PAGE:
In all these different recitals, I try to provide chamber music experience for my students. For the beginners, this comes in the form of teacher accompaniments, which I always love to do. As my students become more experienced and advanced, I am especially interested in finding new ensemble music for them.
Here are my latest finds in chamber music for students:
There are currently 5 graded collections in this series, from Elementary to Intermediate levels. Don’t let the title Contest Winners intimidate you into thinking this is for your competition-minded students. In fact, quite the contrary!
This series is actually perfect for what I call “Fun Track” and “Recital Track” students. Look at these titles: Camptown Races, Chopsticks for Three, This Old Man, Yankee Doodle, Greensleeves, America the Beautiful…just to name a few. Most of these are of course arrangements, instead of original compositions. The good news is that you will find many familiar names such as Robert D. Vandall, Martha Mier and Dennis Alexander, who are well known for writing effectively and imaginatively for students.
Playing in an ensemble requires a different set of skills. The challenges for students include the ability to listen to others while focusing on their own part, absolute rhythmic security, ability to continue even if they make mistakes, and of course ensemble blending and balance. For this reason, it is necessary to give them “easier” music than what they can play as a soloist. I am very pleased to find that this has been taken into consideration by the publisher. At first glance, the pieces in each designated level seem quite naive and technically simple, but this is actually a good thing, because students can feel confident and get an immediate sense of accomplishment right away. Another thing I really like is that the dynamic markings already reflect the overall ensemble balance, so not all three players are playing the same dynamics at the same time, and it is always clear who has the melody.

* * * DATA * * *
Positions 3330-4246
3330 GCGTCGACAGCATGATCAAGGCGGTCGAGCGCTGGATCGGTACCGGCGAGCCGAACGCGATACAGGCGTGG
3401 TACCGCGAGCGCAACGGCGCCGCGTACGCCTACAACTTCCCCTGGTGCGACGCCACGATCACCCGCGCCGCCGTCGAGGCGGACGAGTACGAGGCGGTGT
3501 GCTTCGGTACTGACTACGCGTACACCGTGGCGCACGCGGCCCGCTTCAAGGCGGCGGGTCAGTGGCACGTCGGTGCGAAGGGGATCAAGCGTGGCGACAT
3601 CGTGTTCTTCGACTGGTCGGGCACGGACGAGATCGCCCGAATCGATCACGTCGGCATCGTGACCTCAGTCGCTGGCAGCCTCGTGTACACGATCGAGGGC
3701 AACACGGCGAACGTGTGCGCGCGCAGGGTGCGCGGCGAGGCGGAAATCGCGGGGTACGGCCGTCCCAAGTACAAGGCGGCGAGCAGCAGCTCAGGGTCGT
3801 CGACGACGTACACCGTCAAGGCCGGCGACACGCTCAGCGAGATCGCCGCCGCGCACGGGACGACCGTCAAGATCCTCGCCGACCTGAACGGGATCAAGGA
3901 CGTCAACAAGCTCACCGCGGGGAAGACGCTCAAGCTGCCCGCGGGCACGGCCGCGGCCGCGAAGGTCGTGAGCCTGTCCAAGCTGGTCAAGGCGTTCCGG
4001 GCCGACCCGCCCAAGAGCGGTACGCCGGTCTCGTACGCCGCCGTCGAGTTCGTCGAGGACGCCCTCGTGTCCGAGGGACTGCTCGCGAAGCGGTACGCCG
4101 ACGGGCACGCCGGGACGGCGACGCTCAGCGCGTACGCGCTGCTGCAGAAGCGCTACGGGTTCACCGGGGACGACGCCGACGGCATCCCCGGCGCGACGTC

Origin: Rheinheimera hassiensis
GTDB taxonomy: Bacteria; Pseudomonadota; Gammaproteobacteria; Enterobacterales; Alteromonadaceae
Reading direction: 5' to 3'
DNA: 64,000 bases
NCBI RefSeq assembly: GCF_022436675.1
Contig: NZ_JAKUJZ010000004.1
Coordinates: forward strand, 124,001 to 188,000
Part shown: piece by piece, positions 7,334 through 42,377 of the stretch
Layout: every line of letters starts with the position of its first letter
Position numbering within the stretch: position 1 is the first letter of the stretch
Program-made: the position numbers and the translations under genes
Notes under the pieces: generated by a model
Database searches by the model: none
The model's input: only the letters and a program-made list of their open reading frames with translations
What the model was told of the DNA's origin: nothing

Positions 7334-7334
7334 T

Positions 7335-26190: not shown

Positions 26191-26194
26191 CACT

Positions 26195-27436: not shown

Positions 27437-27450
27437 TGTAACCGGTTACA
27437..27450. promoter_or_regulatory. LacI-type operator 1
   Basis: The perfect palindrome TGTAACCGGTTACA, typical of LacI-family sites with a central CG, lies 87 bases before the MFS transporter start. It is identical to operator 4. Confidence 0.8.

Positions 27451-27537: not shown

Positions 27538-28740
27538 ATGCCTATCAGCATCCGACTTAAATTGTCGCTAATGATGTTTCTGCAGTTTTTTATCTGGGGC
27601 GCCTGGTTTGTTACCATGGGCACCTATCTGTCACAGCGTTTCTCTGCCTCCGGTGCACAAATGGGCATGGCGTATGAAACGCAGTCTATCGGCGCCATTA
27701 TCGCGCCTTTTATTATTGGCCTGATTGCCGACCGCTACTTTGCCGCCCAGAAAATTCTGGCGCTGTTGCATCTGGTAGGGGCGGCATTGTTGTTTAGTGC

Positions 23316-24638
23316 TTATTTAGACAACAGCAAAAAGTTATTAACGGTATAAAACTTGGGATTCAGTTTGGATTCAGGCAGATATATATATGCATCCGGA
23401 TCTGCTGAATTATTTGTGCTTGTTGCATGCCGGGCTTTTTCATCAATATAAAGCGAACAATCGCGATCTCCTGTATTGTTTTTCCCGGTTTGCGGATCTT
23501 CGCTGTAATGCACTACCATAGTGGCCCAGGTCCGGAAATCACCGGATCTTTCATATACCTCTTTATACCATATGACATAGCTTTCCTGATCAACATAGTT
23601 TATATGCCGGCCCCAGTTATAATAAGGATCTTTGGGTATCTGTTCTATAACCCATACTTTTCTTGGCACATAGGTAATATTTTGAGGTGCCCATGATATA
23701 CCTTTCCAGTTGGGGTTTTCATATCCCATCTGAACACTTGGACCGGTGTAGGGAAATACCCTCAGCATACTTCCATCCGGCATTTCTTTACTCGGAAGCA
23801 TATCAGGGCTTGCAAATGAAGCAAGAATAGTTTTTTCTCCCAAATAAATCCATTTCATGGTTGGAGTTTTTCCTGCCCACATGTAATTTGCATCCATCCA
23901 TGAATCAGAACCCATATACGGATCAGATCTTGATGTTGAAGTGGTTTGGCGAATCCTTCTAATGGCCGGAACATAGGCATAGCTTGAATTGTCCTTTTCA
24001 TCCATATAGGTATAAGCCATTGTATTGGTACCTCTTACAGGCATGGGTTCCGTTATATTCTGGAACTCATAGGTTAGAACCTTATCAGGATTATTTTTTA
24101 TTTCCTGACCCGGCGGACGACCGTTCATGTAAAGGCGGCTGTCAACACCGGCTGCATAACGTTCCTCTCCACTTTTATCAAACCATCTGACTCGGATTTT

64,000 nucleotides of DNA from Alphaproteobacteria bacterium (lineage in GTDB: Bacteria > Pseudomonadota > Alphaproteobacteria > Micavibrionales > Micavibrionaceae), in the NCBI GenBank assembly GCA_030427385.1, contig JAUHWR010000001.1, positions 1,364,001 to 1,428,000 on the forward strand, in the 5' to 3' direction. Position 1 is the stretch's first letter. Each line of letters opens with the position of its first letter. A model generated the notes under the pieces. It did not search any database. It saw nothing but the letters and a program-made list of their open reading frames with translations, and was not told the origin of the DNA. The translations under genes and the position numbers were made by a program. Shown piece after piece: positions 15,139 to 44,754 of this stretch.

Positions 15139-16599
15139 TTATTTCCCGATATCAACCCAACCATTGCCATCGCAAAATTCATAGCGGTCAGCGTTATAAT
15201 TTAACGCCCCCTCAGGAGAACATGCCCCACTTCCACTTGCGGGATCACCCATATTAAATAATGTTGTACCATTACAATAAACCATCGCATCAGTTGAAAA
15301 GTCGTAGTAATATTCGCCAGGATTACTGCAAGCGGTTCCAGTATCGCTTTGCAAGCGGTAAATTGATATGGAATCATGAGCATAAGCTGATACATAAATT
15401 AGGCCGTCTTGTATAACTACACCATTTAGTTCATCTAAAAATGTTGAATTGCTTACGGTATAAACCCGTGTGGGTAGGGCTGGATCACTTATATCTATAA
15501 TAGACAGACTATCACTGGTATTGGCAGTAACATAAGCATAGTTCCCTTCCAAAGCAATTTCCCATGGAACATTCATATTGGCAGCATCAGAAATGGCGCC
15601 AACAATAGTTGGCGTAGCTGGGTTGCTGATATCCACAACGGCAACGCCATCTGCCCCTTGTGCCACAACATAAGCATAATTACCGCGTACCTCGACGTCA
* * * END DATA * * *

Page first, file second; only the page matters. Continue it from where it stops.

For the Mozart Birthday Celebration Concert, I will have students play solos, duets, one student will be playing a movement from a concerto, and a family with three kids will play a piece from Book 2 of this series called “Romp a la Mozart” – theme by Leopold Mozart, arranged by Janis M. Yarbrough – can’t wait! Read more…
I heard from the music school that a new student had signed up, so as usual, I called him to find out what level he was at, what he wanted, what his email was so I could send him a link to register with Music Teachers Helper.
It became clear soon into my phone call that this new student was hesitating at the music school’s requirement that he sign up for 4 lessons to get started.
“I think I only want one or two to get started,” he said.
I told him that it was a good idea to give it a few lessons to get started and see how it worked, though of course if it didn’t seem a good fit, it was fine to drop out.
“I think really I only want one lesson,” he said.
I said, well, we can get started with some basics in the first lesson, but the second lesson is where I see what he took in, how he did, and where to take it from there.